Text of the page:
This produces foot deformities that lead to bony prominence. This will eventually lead to skin breakdown on the feet.
Nerve damage causes the feet to not sweat as much. Therefore, the skin will become dry and cracked, and develop an infection.
The diabetic person needs to make sure that they keep their feet clean and moist with a cream such as Neoteric Diabetic.
When a diabetic has nerve damage, they lose sensation in their feet. As a result, when a diabetic has trauma to their feet, often time they cannot feel the trauma.
For example, diabetics will often get burns in the shower because they are unable to feel the hot temperature.
Many of these people will get third-degree burns. Also, some people will walk barefoot on the hot sidewalk, and they will get third-degree burns.
These burns are extremely hard to heal because the foot already has nerve damage, which means the vessels to the foot are also probably damaged.
Therefore, blood and nutrients cannot get to the foot and provide proper healing. For small burns, Vitastem is a great cream for burns.
Often, many wounds go unnoticed because the person simply cannot feel them.
These wounds continue to get worse and worse because the diabetic continues to walk on the wound and put pressure on the wound.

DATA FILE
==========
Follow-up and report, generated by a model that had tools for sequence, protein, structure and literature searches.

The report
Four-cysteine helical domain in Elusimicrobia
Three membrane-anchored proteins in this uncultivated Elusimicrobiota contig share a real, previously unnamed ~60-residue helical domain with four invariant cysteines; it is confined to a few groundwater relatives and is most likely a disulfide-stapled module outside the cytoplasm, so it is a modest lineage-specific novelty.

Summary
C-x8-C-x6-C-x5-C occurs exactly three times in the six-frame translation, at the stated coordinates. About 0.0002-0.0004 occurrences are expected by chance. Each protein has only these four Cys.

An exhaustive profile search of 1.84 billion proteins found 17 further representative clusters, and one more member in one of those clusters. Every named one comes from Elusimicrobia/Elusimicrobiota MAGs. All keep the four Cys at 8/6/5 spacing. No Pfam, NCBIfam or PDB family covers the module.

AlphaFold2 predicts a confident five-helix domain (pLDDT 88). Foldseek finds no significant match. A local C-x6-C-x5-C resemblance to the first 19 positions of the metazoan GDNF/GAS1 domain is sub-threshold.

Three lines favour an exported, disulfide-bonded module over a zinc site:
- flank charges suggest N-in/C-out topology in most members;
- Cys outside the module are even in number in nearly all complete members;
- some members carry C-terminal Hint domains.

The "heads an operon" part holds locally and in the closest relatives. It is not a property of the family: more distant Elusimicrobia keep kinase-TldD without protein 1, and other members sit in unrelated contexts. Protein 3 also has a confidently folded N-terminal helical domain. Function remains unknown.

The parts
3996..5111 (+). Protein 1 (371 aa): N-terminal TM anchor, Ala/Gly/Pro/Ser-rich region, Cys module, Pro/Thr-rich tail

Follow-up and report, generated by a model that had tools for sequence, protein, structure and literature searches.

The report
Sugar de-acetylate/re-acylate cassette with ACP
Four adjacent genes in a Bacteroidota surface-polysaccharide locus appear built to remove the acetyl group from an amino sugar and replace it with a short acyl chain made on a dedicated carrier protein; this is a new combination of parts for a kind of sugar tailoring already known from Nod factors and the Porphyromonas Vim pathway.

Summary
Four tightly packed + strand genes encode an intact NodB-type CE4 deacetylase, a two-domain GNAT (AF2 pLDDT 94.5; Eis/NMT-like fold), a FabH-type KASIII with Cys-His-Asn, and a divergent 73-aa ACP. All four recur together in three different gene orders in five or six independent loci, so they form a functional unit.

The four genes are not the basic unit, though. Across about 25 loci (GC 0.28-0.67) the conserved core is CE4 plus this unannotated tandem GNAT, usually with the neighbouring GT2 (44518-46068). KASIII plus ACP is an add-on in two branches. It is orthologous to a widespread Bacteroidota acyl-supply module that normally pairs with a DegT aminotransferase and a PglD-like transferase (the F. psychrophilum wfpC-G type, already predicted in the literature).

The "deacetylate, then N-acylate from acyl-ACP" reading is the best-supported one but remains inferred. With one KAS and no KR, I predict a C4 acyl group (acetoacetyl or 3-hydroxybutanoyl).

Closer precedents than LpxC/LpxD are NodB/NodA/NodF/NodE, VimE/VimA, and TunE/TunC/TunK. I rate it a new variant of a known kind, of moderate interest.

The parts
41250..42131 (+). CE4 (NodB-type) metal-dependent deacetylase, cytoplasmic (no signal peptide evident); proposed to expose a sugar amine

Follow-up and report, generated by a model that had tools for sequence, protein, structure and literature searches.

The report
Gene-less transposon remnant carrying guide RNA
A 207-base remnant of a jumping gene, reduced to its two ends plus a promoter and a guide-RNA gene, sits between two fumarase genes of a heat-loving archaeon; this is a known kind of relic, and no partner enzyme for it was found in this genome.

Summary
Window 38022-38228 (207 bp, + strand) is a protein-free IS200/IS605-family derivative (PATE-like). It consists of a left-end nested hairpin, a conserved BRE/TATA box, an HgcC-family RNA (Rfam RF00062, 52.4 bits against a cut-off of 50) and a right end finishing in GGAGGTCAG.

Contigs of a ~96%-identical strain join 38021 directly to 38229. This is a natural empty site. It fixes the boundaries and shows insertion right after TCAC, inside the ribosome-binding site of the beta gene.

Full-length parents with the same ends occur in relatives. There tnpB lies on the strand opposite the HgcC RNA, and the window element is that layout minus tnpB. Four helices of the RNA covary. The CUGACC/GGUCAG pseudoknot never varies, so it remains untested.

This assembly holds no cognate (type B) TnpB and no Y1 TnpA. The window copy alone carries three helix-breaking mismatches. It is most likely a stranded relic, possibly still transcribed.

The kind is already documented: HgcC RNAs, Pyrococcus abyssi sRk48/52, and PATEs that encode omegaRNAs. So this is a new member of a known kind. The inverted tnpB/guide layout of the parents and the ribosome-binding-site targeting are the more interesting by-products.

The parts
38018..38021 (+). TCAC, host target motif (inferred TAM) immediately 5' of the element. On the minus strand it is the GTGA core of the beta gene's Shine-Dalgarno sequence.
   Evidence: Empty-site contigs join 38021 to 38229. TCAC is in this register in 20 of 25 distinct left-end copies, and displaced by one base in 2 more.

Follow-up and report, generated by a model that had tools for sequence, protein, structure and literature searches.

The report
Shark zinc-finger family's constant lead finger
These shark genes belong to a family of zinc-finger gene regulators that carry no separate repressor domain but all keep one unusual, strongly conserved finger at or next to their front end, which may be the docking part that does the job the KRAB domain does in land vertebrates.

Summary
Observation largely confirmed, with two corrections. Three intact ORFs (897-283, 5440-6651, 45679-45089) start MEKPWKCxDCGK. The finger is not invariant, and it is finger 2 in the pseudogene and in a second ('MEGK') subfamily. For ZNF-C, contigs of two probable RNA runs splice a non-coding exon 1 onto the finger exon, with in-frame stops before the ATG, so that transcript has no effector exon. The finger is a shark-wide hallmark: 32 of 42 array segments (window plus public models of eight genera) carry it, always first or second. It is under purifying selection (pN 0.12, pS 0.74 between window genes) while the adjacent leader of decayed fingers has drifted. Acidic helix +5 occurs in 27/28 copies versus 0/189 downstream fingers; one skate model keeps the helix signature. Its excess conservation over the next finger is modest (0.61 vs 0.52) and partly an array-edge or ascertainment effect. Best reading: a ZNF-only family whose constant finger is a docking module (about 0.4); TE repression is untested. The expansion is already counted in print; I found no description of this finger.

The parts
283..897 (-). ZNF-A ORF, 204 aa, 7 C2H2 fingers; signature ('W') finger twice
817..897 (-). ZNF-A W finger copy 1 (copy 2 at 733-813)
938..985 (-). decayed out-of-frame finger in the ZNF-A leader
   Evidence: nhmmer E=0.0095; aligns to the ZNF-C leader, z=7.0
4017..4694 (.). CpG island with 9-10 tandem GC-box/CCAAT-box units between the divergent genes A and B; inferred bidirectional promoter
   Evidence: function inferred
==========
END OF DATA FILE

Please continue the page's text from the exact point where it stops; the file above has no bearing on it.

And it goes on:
Diabetes Foot Complications
Charcot arthropathy is a result of peripheral neuropathy. This disorder leads to change in the arches of the feet, which leads to the bone losing minerals.
Osteomyelitis results from a deep tissue infection that goes to the bone marrow. A large percentage of foot wounds end up as osteomyelitis. Diagnosing osteomyelitis in a patient with a diabetic foot is often difficult. Major problems include differentiating soft tissue infection from bone infection and infections from non-infectious disorders (Charcot Foot).
How to Examine the Feet
Examination of the feet is an important part of the exam for a diabetic patient. A diabetic should be checking their feet for dry skin, open sores, fissures, ulcers, big veins, and hair loss. Check the bottom of the foot for bony points. The foot should also be examined for hotness or cold temperature. The pulses in the foot should be able to be palpated.
If no pulse can be felt, the diabetic should go to a doctor as soon as possible to get a doppler check done. The newer imaging techniques are nuclear bone scan, computerized tomography scan (CT), positron emission tomography (PET), and magnetic resonance imaging (MRI). Of these, MRI is more sensitive and specific.
“The management of diabetic foot ulcers includes several facets of care. Offloading and debridement are considered vital to the healing process, for diabetic foot wounds. The goal of offloading is to redistribute force from the ulcers sites and pressure points at risk, to a wider area of contact. There are multiple methods of pressure relief, including total contact casting, half shoes, removable cast walkers, wheelchairs, and crutches.”
Prevention of diabetic foot includes:
Primary prevention: Screening of high-risk feet and proper advice on preventive footwear
Secondary prevention: Management of trivial foot lesions such as callus removal, treatment of nail pathologies, deroofing blisters, and so on.
Tertiary prevention: Prompt referral to a specialist for advanced foot lesions